The tunnel: the coolest part of the day, bar none. Not only was the trolley car air conditioned, literally making it the coolest time I enjoyed that day but... how to describe it?
Following my eager salesman's directions I found the mouth of this attraction with only little problem. I was surprised to find it uncrowded: usually anything worth doing/seeing is jam-packed. Seventy Yuan bought me passage to and from the Bund. Not knowing what to expect, I walked the arrow-marked path. Soon a small cab pulled up on the other side from where I stood. As I wondered if I should make my way over there, it advanced a few meters and then, as with a railroad roundhouse, the track itself pivoted, orienting the car our way. I got on with a few other eager passengers, who immediately got their cameras ready. Huh? We were underground! What would there be to photograph?
Leave it to the Chinese to go over the top. We didn't just trundle under the river, bobbing around on track irregularities. The whole way, about a 4-minute ride, was a light show depicting various celestial conditions! Belatedly I grabbed my camera but by then, the entire front of the cabin was full and, unless I wanted to lean on everyone while raising my camera above their heads I would just have to wait till my return trip. I already had my strategy for being the first to board planned out. Grinning big, refreshed from the underwater coolness I emerged back into the implacable heat.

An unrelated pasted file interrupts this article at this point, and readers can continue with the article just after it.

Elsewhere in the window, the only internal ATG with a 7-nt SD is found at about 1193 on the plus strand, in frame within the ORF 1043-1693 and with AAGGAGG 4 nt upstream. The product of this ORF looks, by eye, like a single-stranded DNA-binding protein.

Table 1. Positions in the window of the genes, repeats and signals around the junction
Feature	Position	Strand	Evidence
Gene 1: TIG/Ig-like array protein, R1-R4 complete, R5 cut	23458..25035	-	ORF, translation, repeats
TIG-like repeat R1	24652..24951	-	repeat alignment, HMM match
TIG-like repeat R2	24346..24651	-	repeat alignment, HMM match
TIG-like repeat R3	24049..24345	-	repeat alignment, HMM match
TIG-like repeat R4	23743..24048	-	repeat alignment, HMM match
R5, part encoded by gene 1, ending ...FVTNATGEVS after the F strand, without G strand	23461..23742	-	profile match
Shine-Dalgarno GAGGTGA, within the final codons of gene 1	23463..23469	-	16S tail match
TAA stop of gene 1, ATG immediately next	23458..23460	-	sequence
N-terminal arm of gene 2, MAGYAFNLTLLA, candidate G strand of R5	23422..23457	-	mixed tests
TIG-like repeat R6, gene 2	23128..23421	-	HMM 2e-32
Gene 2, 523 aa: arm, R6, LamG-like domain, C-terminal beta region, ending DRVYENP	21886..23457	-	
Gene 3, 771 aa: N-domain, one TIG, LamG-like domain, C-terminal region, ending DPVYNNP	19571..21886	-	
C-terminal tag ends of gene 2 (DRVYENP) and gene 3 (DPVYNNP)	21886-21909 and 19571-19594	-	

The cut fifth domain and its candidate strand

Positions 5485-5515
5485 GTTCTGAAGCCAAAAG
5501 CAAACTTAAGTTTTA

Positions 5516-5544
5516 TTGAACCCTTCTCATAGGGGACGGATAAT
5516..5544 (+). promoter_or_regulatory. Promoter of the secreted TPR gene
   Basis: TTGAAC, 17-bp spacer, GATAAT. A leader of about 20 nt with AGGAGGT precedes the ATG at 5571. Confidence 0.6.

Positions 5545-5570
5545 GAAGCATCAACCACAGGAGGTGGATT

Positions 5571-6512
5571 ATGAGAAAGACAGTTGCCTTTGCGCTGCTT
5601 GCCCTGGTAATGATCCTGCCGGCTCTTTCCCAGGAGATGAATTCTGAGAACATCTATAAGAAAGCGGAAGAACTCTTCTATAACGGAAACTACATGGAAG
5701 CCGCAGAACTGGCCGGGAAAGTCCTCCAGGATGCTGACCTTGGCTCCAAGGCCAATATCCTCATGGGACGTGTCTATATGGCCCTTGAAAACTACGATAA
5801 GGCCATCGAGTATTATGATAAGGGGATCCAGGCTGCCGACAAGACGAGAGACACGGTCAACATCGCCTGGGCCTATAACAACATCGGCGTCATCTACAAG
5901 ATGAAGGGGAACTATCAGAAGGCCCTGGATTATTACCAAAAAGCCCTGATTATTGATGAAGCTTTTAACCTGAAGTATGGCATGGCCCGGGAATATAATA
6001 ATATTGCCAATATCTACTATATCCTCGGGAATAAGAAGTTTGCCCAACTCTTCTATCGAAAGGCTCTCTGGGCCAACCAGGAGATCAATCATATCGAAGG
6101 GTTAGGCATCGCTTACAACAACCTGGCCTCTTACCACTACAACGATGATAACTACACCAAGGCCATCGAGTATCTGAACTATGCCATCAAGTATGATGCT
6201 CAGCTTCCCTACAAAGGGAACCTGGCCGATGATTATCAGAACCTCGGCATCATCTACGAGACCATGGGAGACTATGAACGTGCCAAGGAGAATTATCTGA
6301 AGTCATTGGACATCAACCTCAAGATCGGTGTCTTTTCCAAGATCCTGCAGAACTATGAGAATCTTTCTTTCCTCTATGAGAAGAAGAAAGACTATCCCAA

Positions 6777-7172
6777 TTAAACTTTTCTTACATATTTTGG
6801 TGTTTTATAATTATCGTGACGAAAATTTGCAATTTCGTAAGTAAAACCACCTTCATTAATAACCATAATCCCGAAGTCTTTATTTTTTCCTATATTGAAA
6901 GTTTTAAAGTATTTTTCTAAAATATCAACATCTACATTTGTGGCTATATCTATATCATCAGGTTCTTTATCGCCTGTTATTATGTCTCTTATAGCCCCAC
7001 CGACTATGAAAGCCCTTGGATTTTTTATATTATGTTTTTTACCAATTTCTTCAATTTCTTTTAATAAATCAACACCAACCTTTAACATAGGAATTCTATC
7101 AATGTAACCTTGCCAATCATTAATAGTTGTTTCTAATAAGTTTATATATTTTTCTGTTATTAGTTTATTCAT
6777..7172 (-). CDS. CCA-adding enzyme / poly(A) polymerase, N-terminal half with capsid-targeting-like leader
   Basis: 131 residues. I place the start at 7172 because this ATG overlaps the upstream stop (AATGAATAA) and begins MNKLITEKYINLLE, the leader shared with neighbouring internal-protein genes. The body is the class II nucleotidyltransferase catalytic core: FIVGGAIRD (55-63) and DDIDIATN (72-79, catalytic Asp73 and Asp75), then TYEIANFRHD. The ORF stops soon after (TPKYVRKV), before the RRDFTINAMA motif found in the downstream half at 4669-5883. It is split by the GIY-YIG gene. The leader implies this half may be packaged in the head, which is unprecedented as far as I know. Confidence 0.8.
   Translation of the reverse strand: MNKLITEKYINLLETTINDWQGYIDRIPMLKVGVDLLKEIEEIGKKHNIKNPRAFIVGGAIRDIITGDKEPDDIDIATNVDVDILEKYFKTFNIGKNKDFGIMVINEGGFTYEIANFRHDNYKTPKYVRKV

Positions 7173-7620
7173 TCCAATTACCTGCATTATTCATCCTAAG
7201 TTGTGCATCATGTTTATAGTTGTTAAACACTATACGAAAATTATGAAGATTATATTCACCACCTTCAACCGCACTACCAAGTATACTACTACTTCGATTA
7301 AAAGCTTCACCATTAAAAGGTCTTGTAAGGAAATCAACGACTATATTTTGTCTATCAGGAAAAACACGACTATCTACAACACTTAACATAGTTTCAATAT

What first assailed me was the abundance of tourists, about half being foreign. With such a wealth of opportunity, naturally tourist commodities abound. A particularly attractive one was a double-decker sightseeing bus line that guaranteed one could hop on and off as desired. Yes, I do like to walk and I'm quite good at it but: alone and in this suffocating heat, did I really want to walk all over the place?
The price decided me. Why pay 100Yuan to ride a bus I can get off/on at will, that runs every 30 minutes when I can ride city buses for 1Yuan per boarding and get the same deal? Besides, the Bund is not that big, a few blocks at the most. I can easily take it all in and then rest at a waterfront cafe before returning to meet my friends after their work day.